Wednesday, October 9, 2013

The NSA: Made in Israel

Unit 822_Israel_NSA

The Best Tech School On Earth Is Israeli Army Unit 8200

June 27, 2013
NSA expert exposes role of Unit 8200 in massive snooping op
By Victor Thorn
Despite denials by Google spokesmen that they willingly permitted any of their data to be mined, it appears they did allow the National Security Agency (NSA) to passively infiltrate their networks.
The missing link in this cyber-spying conundrum can be traced to two Israeli companies founded in the 1990s. According to a June 8 article by syndicated columnist and peace activist Richard Silverstein, “The NSA hired two secretive Israeli companies to wiretap the U.S. telecommunications network. Verint and Narus created programs which offered the NSA back-doors to all major U.S. technology companies, including Facebook, Microsoft and Google.”
On June 9, investigative reporter Jon Rappoport cited James Bamford, author of three books on the NSA, to confirm the role of Verint and Narus. “They played a key role in developing and selling the technology that allowed NSA to deploy its PRISM spying program.”
Even more interesting, Silverstein explained how the Israeli Defense Force (IDF) maintained a top-secret department called Unit 8200 which served as their version of our NSA.
“[Unit 8200] developed Stuxnet and Flame along with its colleagues in the NSA. Unit 8200 veterans founded numerous start-ups that commercialized their military applications for security use by companies and intelligence agencies.”
One of these companies was Verint, which is conveniently owned by Comverse, an entity that, prior to 9-11, provided computers to the federal government which allowed them to install wiretapping equipment into practically every phone across the U.S. The ties go deeper. Former Comverse CEO Jacob “Kobi” Alexander also purchased the Odigo instant messaging service which alerted Jewish workers employed at the World Trade Center towers two hours before they were struck by airliners on September 11, 2001.
  • Bee's note Odigo is a U.S.-based company whose headquarters are in New York, with offices in Herzliya.  
  • As an instant messaging service, Odigo users are not limited to sending messages only to people on their "buddy" list, as is the case with ICQ, the other well-known Israeli instant messaging application. 
  • Odigo usually zealously protects the privacy of its registered users, said Macover, but in this case the company took the initiative to provide the law enforcement services with the originating Internet Presence address of the message, so the FBI could track down the Internet Service Provider, and the actual sender of the original message. read more here.

With these capabilities in mind, a June 7 Washington Post article contained this line: “98% of PRISM production is based on Yahoo, Google and Microsoft.”
Google, it should be noted, is referred to in some quarters as a distinct branch of the government, especially since its CEO, Eric Schmidt, has developed a special relationship with Obama. According to White House advisor David Plouffe, “On election night [2012] he was in our boiler room in Chicago.”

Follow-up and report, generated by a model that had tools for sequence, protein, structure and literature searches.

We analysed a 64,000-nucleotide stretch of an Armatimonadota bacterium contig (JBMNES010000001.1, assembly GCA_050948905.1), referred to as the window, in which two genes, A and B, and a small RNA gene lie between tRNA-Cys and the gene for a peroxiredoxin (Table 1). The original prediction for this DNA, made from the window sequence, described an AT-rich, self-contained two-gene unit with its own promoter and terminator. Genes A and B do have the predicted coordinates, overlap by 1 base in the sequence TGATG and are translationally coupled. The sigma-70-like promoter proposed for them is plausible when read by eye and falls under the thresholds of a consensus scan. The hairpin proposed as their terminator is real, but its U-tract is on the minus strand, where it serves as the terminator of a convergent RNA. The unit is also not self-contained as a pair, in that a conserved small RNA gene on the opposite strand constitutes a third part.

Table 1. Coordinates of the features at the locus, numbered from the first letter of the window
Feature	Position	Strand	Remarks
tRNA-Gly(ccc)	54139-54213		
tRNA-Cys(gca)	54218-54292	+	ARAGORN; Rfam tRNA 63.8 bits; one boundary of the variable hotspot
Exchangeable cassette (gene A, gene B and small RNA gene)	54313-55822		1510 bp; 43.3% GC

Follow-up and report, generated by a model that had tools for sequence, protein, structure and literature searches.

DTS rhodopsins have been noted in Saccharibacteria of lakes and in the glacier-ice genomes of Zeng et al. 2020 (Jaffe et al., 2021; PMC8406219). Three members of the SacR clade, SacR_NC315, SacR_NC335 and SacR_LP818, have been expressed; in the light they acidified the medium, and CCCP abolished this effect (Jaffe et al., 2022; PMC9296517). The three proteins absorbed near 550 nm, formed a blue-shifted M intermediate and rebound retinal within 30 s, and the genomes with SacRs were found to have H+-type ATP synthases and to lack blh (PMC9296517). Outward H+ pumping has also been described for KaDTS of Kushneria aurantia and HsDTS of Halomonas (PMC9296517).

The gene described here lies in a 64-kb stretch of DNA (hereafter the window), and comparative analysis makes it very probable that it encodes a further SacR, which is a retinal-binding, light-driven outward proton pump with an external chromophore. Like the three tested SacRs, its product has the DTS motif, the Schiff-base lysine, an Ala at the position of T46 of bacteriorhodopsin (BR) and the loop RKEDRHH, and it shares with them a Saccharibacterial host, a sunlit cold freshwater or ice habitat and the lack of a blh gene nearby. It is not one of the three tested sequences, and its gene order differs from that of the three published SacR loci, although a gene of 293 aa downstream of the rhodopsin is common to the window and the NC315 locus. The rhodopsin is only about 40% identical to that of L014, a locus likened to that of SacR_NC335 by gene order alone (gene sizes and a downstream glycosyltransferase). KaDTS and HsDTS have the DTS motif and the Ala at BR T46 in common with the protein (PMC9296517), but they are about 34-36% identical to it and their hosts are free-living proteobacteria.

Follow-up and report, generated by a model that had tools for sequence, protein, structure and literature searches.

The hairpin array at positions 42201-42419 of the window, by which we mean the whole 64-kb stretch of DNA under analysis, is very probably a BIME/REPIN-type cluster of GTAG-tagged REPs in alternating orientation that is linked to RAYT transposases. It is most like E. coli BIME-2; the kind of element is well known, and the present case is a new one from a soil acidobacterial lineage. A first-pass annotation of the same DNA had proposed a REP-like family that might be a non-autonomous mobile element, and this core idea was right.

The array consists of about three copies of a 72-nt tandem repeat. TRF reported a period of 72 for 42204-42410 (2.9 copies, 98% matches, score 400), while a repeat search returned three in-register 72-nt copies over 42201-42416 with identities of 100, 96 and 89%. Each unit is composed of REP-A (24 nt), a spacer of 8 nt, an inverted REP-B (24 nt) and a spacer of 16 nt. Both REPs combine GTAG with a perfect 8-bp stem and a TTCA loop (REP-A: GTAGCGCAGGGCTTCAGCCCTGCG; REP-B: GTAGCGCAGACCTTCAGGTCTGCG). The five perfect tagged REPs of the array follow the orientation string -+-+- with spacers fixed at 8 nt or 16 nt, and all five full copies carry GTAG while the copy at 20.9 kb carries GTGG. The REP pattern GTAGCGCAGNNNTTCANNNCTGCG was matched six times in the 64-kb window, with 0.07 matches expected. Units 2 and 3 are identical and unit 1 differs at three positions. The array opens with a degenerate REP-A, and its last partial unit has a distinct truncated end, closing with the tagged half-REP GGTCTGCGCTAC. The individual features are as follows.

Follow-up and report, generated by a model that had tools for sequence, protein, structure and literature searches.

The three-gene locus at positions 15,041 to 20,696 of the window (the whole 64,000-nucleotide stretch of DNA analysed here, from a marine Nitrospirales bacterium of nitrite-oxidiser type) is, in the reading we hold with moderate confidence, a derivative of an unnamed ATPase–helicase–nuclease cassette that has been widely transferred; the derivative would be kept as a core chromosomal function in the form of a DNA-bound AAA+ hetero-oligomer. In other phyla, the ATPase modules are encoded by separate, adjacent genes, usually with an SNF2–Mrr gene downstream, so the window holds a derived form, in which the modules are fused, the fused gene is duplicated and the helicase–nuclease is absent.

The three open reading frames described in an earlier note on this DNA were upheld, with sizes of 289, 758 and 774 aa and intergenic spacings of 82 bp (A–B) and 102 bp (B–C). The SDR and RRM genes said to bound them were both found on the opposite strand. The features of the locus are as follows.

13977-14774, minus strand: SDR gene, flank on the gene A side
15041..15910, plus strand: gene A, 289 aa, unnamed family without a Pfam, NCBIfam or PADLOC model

Victor Thorn is a hard-hitting researcher, journalist and author of over 40 books. - See more at:
Odigo says workers were warned of attack
Odigo, the instant messaging service, says that two of its workers received messages two hours before the Twin Towers attack on September 11 predicting the attack would happen, and the company has been cooperating with Israeli and American law enforcement, including the FBI, in trying to find the original sender of the message predicting the attack.
By Yuval Dror Sep. 26, 2001 | 12:00 AM 

Washington Post, "Instant Messages To Israel Warned Of WTC Attack", 28 September 2001.
    OFFICIALS at instant-messaging firm Odigo confirmed today that two employees received text messages warning of an attack on the World Trade Center two hours before terrorists crashed planes into the New York landmarks. Citing a pending investigation by law enforcement, the company declined to reveal the exact contents of the message or to identify the sender.
    But Alex Diamandis, vice president of sales and marketing, confirmed that workers in Odigo's research and development and international sales office in Israel received a warning from another Odigo user approximately two hours prior to the first attack. Diamandis said the sender of the instant message was not personally known to the Odigo employees. Even though the company usually protects the privacy of users, the employees recorded the Internet protocol address of the message's sender to facilitate his or her identification.
    Soon after the terrorist attacks on New York, the Odigo employees notified their management, who contacted Israeli security services. In turn, the FBI was informed of the instant message warning. FBI officials were not immediately available for comment today. The Odigo service includes a feature called People Finder that allows users to seek out and contact others based on certain interests or demographics. Diamandis said it was possible that the attack warning was broadcast to other Odigo members, but the company has not received reports of other recipients of the message.
    In addition to operating its own messaging service network, Odigo has licensed its technology to over 100 service providers, portals, wireless carriers, and corporations, according to the company.